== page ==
"One means of circumventing the objectives of the Truth in Lending Act, as passed by Congress, was that of `burying' the cost of credit in the price of goods sold. Thus in many credit transactions in which creditors claimed that no finance charge had been imposed, the creditor merely assumed the cost of extending credit as an expense of doing business, to be recouped as part of the price charged in the transaction. Congress was well aware, from its extensive studies, of the possibility that merchants could use such devices to evade the disclosure requirements of the Act.... ". . . . "It was against this legislative background that the Federal Reserve Board promulgated regulations governing enforcement of the Truth in Lending Act.... "... The Board's objective in promulgating the [four-installment] rule was to prevent the Act from fulfilling the prophecy which its opponents had forecast."

Mourning v. Family Publications Service, 411 U.S. 356, 93 S. Ct. 1652, 36 L. Ed. 2d 318 (1972).

We are, of course, bound by decisions of the Supreme Court of the United States construing federal statutes, and we defer to the United States Courts of Appeals' decisions which do so, particularly the decisions of the old 5th Circuit, now the 11th Circuit, into whose jurisdiction Alabama *17 falls. Therefore, we are particularly impressed with the decision of the 5th Circuit in Killings v. Jeff's Motors, Inc., 490 F.2d 865 (5th Cir.1974). In that case, as here, the plaintiff bought a used car from the defendant. She made a down payment and signed an installment sales contract, under which she agreed to pay a certain amount each month until the balance was paid. There, as here, the contract form contained a vendor's disclosure as required by the Act, 15 U.S.C. § 1601 et seq. It reflected "none" under "finance charge." Here, the contract shows "0" under "finance charge." There, the district court found, and the court of appeals affirmed, that the transaction did contain an undisclosed finance charge in violation of § 1638. There, the parties stipulated that there was a difference of $325.28 between the "highest figure customarily charged in Alabama for similar merchandise during the relevant period." The court held that, under those circumstances, $325.28 was an undisclosed finance charge, and that the buyer was entitled to recover twice that amount plus attorney fees under § 1640(a)(2)(A)(i) and (a)(3).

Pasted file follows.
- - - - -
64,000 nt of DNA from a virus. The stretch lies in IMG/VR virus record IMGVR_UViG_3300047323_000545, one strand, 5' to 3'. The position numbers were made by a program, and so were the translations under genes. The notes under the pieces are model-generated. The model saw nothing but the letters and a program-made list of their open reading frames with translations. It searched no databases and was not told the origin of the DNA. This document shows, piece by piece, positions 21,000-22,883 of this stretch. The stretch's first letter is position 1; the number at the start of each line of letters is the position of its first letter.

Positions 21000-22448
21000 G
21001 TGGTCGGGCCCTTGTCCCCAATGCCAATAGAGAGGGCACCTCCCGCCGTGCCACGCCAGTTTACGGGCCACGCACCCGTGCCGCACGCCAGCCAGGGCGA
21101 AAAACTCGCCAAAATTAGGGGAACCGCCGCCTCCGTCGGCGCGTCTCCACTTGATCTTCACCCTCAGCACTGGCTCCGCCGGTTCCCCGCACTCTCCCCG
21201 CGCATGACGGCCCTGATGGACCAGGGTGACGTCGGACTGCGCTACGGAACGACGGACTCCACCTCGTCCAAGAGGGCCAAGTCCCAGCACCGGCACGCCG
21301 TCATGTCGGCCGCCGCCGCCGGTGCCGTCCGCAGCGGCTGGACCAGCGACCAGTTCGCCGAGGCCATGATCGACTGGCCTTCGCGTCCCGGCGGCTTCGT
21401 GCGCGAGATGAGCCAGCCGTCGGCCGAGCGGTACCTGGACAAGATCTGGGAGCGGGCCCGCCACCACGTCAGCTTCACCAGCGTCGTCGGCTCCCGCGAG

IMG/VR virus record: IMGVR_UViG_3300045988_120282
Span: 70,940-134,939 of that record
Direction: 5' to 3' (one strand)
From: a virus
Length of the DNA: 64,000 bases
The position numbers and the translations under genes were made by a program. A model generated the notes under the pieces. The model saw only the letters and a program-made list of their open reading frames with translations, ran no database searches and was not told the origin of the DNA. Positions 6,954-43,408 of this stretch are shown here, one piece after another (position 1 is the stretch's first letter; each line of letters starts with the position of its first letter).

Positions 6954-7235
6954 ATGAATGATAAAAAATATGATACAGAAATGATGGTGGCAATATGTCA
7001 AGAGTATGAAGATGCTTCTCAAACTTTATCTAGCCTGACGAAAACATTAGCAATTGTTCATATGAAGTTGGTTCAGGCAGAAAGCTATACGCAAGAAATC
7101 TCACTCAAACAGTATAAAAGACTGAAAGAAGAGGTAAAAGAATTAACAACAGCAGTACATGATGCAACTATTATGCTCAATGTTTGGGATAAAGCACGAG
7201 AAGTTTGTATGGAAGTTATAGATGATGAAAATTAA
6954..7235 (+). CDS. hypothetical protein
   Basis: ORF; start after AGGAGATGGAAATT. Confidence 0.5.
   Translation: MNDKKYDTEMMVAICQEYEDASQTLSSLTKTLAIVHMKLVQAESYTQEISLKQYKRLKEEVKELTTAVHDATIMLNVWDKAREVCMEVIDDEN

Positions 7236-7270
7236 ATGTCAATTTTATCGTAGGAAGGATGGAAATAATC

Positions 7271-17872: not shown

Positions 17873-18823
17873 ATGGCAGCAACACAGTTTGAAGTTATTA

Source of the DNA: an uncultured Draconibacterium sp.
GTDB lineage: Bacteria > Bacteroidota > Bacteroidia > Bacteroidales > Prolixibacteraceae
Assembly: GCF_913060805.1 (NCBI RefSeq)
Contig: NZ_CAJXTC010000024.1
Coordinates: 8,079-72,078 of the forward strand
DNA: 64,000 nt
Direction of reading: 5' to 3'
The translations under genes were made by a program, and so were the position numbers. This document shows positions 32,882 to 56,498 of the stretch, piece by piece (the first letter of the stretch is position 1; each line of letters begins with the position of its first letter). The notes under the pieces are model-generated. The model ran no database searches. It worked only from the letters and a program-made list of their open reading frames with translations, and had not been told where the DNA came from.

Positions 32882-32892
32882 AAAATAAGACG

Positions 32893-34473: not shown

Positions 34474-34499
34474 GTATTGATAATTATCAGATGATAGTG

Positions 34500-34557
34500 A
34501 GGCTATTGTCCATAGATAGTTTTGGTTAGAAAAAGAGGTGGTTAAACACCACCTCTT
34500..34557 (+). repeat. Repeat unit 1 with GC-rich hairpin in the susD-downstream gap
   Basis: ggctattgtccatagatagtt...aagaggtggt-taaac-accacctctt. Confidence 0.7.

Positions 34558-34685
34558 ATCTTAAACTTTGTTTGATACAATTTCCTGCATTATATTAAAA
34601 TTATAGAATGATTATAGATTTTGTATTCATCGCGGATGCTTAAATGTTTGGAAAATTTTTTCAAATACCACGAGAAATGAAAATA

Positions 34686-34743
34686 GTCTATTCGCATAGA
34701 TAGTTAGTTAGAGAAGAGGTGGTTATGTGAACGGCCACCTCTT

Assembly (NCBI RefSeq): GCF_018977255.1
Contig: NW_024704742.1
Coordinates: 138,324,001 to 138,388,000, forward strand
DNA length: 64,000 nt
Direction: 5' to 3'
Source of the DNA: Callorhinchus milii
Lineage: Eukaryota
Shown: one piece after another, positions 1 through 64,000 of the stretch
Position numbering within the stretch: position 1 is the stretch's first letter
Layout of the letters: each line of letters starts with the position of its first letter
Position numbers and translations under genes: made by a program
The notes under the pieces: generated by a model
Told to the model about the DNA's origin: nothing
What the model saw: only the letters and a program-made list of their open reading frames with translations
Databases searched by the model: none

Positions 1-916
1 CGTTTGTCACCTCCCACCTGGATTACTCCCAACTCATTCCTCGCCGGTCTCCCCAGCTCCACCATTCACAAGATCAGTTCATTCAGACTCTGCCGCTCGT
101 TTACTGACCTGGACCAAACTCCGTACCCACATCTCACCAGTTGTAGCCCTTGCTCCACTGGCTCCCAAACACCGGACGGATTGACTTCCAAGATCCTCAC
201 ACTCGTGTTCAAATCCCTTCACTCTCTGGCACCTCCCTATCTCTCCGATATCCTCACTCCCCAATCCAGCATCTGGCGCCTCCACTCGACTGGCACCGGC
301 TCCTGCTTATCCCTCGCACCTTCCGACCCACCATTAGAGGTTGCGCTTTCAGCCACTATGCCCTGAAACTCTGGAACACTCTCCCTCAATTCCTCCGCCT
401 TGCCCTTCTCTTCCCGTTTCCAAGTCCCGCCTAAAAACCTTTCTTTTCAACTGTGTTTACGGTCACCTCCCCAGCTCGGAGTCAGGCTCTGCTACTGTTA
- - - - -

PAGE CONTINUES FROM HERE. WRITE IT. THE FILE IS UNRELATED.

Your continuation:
The appellees argue that Killings is distinguishable because there was no stipulation in this case as to the difference between the price charged for the used cars and their actual value. That argument misses the exact point made on appeal, viz., that the trial court erred in refusing to permit the buyer to introduce evidence on that very point. Alternatively, the appellees argue that the appellant failed to preserve the issue for review. We disagree. The record shows the installment contract, whereby the price of $1511.83, after a down payment of $500, is payable in two payments of $50 each and 47 weekly payments of $30 each and a final payment of $1.83.

The record shows: "MR. ROWE: Judge, could we make an offer of evidence on the issue of the value of the car for the record? What we would like to show and establish through this witness [the plaintiff] and some experts is that the value was significantly less than the stated purchase price, and that price was to include "THE COURT: But my question is, did somebody make her buy it for that? Did they have any discussions about that? "MR. ROWE: No, sir, but I think when you are talking about consumersthey are buying a package of financing and a car and they are not "THE COURT: I don't accept that agument."

At that point, the Court granted the appellees' motion to dismiss.

We hold that a claim for relief exists under the federal Truth-in-Lending Act, 15 U.S.C. § 1601 et seq., for non-disclosure of hidden finance charges, when the installment sales contract does not disclose an annual percentage rate, but the stated price exceeds the actual value of the item sold. The buyer is required to prove by competent evidence the difference between the actual value of the item sold and the stated sale price.

Because the trial court erred in disallowing evidence of the actual value of the items involved in this case, its judgment is reversed and the cause is remanded.


TORBERT, C.J., and JONES, ADAMS and STEAGALL, JJ., concur.